APT is the acronym of Advanced Persistent Threat. That is the name that receives a group of attackers that usually is related to a Nation-State to carry out cyberattacks to a concrete organizations that are considered targets by the threat group and the State which is sponsoring it.
Cyber espionage has increased towards anti-doping sports organizations. Between 2016 and 2018, several cyber-attacks against important international anti-doping organizations were identified. As quoted by A. Villalón () in his post about the GRU activity in October 2018 “the British NCSC publicly accused the GRU of cyber-espionage activities against the World Anti-Doping Agency agency (WADA)“. Cyber-attacks are also attributed to the IOC (International Olympic Committee Antidoping) and CCES (Canadian Center Ethics for Sports) where allegedly among its main objectives was to capture the credentials of anti-doping officers and technicians to subsequently access classified information . Another anti-doping technician, in this case from the USADA (US Antidoping Agency), which was located in Rio de Janeiro during the Olympic Games, had his email account compromised from the hotel’s Wi-Fi by alleged GRU agents (it is recommended that A. Villalón’s posts on the GRU (), Unit 74455 () and 26165 ()) be read). From the different events related to cyberespionage within international anti-doping organizations, we can see that international sport has more relevance for world superpowers like Russia than it does “a priori”.
Sport has always been a useful psychosocial tool () for super-power governments to encourage certain emotions, feelings and even values among their citizens. The national sporting successes of a country generate feelings of social union, reducing a possible ideological tension of the same. There is a psychosocial effect () where society tends to link its feelings of patriotic and national identity with the international sporting successes of its country.
Sport could be considered as one of the “softpower” parts of a government or state. This concept of “softpower” is understood as that strategic action carried out by a government through state cultural elements such as sports, art or institutional acts to carry out modifications of the values, behaviors and feelings of its citizens. We would understand as “hardpower” those diplomatic, military and economic actions undertaken by a State to control certain elements of national interest and security.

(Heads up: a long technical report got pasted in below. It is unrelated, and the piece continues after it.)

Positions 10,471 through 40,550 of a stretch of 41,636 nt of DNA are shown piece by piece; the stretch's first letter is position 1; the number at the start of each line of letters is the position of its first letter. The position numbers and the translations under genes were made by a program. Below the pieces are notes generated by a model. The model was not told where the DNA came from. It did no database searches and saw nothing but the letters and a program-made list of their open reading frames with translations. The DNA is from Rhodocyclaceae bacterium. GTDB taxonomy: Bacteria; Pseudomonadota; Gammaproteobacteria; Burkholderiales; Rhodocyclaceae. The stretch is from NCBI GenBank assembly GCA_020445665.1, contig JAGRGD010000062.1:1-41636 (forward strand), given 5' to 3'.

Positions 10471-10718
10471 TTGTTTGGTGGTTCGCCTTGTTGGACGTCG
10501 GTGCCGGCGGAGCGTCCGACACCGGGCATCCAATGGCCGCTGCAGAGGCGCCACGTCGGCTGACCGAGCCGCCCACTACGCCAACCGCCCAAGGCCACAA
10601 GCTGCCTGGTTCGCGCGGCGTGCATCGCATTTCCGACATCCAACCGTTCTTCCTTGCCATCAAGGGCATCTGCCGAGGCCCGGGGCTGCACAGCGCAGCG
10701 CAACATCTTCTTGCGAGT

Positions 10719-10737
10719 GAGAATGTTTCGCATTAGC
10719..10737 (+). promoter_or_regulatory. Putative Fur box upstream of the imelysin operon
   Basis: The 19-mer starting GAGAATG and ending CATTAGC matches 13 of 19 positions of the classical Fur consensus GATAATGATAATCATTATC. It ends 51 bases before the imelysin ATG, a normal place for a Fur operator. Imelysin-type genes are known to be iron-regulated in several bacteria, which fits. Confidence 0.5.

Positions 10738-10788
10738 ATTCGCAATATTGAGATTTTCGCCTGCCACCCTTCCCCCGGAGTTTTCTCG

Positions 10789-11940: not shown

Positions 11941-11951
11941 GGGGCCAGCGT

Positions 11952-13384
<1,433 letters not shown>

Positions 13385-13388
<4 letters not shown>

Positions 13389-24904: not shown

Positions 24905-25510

During the nineteenth century, the use of sport by the governments of states considered superpowers increased considerably. Great Britain and Russia were States that undertook a softpower strategy within the field of sport to generate a sense of sport supremacy with the intention that an extrapolation to other state sectors is carried out. Through sporting success, governments seek to convey a feeling of superiority over other States, aiming to generate the perception of supremacy that will probably lead to increased patriotism in society.
During the XXth century, this sports softpower strategy was used by the authoritarian governments of Russia and Germany among others. Both States sought to generate a sense of supremacy among their citizens and at the same time aimed to increase leisure and distraction within their societies, since they had high levels of social repression. Their main objectives were, first and foremost, to maintain patriotism based on feelings of racial, national and cultural supremacy. Secondly, they sought to generate a psychosocial means of positively channeling the oppression and social tension suffered by the authoritarian governments themselves.
The Olympic Games that took place during the Cold War period were highly useful for the rulers of the USSR and the US to influence the creation of the national identity of Soviet and American citizens.
The APT groups usually develop cyberattacks to disrupt the IT systems, steal data and sabotage the operations systems of the victim. The way about how an APT could develop their cyberattacks could depend on each campaign. There are phishing emails campaigns that are designed to be very determined with their targets, however, sometimes the campaigns are completely generalist and the APT tries to spread their cyberattacks indiscriminately, trying to collect information in a massive way.